Easy Kids Crafts: DIY Letter Puppets
Easy Kids Crafts: Spelling Practice with DIY Letter Puppets
Guest post from KidsActivitiesBlog.com
Spelling practice is getting harder and harder as spring has sprung, yet the grind of school continues. The request to taking time to practice spelling words is being answered with whines and complaints. That is why I am so excited about today’s tutorial on how to make DIY Letter Puppets. Kids Activities Blog knows if you can make spelling practice fun, it will happen!
Making the letter puppets is the first part of the adventure. I enlisted the help of my 7 year old who was excited to participate once he saw paint and googly eyes were involved.
How to Make Letter Puppets
We started with a package of Plaid 4″ Letter Stencils. These sturdy cardboard stencils were the perfect body for our puppets. We punched the letters out of the stencils and then started to paint. I started with the vowels and had my son paint all of them Apple Barrel Pool Blue and the other letters we varied the colors between Apple Barrel Petunia Purple, Banana, Candy Pink, and Lime Tree. We painted both sides and put several coats on the front for full coverage. Because the letters were cut out and we were working on cardboard, this was NOT a difficult painting project. It is something you can do together with your child.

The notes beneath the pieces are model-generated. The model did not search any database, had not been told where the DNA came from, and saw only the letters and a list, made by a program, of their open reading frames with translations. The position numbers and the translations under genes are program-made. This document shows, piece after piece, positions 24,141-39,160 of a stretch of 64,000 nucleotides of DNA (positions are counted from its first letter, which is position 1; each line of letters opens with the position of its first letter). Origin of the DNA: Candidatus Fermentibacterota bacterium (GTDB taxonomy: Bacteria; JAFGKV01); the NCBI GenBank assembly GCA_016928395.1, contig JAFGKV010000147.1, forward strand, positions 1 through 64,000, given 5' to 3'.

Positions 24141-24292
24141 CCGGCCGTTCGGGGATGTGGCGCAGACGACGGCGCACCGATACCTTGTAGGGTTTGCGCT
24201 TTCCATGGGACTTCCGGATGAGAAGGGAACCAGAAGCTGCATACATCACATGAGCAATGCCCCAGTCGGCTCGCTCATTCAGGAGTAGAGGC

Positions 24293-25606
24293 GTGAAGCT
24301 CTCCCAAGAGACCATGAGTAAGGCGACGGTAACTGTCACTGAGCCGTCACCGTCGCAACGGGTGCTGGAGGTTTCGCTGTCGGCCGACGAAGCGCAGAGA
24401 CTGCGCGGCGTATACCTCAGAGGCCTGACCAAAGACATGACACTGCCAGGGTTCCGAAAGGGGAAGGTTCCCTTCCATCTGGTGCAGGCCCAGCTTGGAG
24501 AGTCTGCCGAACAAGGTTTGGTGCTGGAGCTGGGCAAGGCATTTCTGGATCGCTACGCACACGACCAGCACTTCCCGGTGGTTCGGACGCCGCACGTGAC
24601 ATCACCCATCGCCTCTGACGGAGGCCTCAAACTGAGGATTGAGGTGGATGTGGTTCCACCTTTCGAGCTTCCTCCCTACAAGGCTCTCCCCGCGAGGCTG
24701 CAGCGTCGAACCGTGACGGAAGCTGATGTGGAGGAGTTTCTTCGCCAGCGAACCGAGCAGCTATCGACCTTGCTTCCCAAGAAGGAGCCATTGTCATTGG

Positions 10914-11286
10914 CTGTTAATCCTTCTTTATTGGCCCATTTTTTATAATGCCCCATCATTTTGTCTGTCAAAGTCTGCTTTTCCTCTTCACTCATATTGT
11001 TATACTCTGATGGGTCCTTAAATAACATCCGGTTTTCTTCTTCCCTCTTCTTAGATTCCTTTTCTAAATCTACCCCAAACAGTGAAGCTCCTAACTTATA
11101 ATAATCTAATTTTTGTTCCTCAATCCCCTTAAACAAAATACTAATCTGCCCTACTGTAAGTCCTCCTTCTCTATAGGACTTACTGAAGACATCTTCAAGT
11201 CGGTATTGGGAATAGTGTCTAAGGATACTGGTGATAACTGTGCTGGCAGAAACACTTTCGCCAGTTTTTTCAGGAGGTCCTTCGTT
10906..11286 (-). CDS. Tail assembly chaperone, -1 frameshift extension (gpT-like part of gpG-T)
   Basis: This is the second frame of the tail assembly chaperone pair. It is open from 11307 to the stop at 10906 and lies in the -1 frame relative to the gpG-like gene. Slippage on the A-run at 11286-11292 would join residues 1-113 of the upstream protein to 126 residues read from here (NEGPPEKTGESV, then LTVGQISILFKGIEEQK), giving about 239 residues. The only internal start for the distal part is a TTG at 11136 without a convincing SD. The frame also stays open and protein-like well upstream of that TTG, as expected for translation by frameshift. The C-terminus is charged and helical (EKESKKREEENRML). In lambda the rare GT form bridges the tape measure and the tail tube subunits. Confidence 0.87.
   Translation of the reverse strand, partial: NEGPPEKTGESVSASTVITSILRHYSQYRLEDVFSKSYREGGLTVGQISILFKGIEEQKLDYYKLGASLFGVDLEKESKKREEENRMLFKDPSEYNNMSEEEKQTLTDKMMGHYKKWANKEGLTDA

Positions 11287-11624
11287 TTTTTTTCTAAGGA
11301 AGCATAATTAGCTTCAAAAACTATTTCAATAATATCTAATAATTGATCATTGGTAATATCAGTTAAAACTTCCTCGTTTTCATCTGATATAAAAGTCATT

Once the paint had dried, we added a topcoat of Plaid Mod Podge Washout for Kids. It seemed to me to be very similar to the regular Mod Podge product, but the clean up was easier. My son rolled the Washout for Kids onto the painted letters with one of my favorite tools, the Mod Podge Roller Applicator. It makes this process faster and less messy.
While the top coat was still wet, we added paper streamers to the letters for decoration in colors that coordinated with our fancy letter puppet color scheme.
Once everything had dried, we added googly eyes to the front and craft sticks to the back for puppeteer accessibility.
Beyond Spelling Practice
My son started with just having fun putting words together for his puppet show. We found that if he had a word longer than 4 letters it was hard for him to hold them during the performance. We added a strip of hook and loop tape (both sides) across the top and he could set the craft stick ends into it and it would stay allowing his hands to be free for more letters.
We worked on his spelling words and sight words and then spelling his sight words.
What I loved most about this project was working on it with him. The bonus was that he is excited to put on a puppet show for me and hardly even notices that we are studying!
Visit KidsActivitiesBlog.com to see step-by-step instructions on how to make these cute, DIY letter puppets.